The thymus, a specialised organ of the immune system located in front of the heart, is responsible for making the majority of the body’s so-called ‘T-cells’.
These T-cells destroy virally infected cells, assist other white blood cells in immunologic processes and provide the immune system with a ‘memory’ against past infections.
The thymus is largest and most active in young children. However, by the early teens, as part of normal development, the thymus begins to shrink and thymic cells are replaced by fat tissue. Although thymus development has been studied in mice, little is known how the human thymus develops.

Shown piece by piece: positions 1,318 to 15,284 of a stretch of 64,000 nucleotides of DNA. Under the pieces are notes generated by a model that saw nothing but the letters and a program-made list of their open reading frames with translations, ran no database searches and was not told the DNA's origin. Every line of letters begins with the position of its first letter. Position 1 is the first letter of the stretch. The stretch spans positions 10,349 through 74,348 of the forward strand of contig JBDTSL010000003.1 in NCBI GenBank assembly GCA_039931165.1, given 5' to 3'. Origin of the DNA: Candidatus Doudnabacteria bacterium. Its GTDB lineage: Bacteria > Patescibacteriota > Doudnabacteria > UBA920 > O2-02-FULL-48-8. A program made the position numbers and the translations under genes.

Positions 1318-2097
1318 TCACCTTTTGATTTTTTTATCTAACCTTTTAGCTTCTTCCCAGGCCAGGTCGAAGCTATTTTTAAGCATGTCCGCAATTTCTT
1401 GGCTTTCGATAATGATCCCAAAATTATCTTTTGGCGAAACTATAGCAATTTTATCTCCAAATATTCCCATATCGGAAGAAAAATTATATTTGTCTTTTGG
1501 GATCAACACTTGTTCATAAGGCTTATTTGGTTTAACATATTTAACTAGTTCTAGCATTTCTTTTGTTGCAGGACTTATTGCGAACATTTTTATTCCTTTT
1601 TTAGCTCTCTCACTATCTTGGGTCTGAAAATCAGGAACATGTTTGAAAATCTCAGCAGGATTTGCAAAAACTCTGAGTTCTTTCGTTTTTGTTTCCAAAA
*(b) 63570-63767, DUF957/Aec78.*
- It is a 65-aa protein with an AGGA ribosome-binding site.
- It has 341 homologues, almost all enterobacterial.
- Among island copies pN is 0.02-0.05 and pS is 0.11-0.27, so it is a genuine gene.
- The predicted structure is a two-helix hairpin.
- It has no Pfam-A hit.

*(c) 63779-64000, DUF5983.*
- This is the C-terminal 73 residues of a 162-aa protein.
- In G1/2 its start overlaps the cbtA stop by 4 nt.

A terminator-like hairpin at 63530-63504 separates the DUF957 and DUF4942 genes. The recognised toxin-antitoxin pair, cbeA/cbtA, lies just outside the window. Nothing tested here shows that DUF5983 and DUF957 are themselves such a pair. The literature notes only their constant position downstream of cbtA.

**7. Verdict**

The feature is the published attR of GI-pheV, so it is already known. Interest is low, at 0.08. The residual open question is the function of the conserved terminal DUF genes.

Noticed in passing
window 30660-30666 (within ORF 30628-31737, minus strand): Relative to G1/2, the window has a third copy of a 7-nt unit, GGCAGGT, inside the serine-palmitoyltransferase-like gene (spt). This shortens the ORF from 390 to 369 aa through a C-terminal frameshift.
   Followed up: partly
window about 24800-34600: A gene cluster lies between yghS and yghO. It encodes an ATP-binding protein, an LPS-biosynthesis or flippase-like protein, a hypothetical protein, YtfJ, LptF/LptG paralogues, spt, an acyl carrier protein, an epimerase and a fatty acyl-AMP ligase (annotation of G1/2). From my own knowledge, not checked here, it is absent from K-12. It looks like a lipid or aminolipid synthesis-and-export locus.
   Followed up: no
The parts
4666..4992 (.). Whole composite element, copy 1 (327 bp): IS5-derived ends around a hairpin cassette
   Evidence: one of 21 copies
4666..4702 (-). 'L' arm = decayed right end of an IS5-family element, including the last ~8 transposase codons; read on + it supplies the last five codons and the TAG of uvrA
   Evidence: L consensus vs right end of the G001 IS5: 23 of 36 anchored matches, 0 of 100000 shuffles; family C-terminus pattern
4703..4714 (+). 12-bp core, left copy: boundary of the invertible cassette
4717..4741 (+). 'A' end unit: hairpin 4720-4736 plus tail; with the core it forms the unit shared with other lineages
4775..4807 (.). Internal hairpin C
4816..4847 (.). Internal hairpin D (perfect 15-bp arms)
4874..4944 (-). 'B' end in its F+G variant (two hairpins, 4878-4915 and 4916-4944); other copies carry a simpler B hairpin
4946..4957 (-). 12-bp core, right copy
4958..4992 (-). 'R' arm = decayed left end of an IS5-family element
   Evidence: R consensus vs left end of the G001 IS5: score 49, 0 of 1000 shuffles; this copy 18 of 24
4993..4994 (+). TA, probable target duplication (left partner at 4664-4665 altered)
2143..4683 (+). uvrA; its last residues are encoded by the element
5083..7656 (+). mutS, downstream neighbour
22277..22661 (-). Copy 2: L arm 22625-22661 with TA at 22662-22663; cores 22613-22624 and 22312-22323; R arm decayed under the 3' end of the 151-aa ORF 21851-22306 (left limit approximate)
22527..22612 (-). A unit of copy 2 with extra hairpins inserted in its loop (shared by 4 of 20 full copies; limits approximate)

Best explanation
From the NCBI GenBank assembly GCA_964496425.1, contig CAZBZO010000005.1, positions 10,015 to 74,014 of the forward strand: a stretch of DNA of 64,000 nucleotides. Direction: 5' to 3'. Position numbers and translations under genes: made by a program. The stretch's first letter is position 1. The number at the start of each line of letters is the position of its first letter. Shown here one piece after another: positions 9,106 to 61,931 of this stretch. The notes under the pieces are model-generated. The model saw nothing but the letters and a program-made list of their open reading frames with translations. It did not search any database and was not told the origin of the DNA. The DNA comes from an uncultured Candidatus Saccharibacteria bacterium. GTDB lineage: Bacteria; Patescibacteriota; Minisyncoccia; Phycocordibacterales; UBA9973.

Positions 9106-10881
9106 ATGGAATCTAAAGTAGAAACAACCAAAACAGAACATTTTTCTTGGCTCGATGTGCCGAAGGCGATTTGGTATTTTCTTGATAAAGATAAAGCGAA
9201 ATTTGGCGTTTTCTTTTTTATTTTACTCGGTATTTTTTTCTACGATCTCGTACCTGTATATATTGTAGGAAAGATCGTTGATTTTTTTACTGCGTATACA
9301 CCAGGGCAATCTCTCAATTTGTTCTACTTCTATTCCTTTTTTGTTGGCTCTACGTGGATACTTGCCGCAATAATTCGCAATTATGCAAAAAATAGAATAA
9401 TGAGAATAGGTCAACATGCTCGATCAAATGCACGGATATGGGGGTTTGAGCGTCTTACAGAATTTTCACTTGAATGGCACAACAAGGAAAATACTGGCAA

A study, led by CRM Professor Clare Blackburn and colleagues, now shows that the timing of key events in the developmental process in humans is similar to mice.
The findings have been published online on 9 April 2013 in the journal Development.
Prof Clare Blackburn said: “We are very excited about our findings, but are also aware how little is understood about the underlying mechanism regulating thymus development.”
She continued: “We need to know a lot more about thymus development before we can start thinking about enhancing or replacing thymus function in patients to boost their immune system.”
The study, funded by Leukaemia and Lymphoma Research, the Medical Research Council, the Wellcome Trust, the EU FP7 project EuroSystem and NWO (the Netherlands Organisation for Scientific Research), was carried out in collaboration with the University of Edinburgh’s MRC Centre for Reproductive Health and the Erasmus University Medical Center in The Netherlands.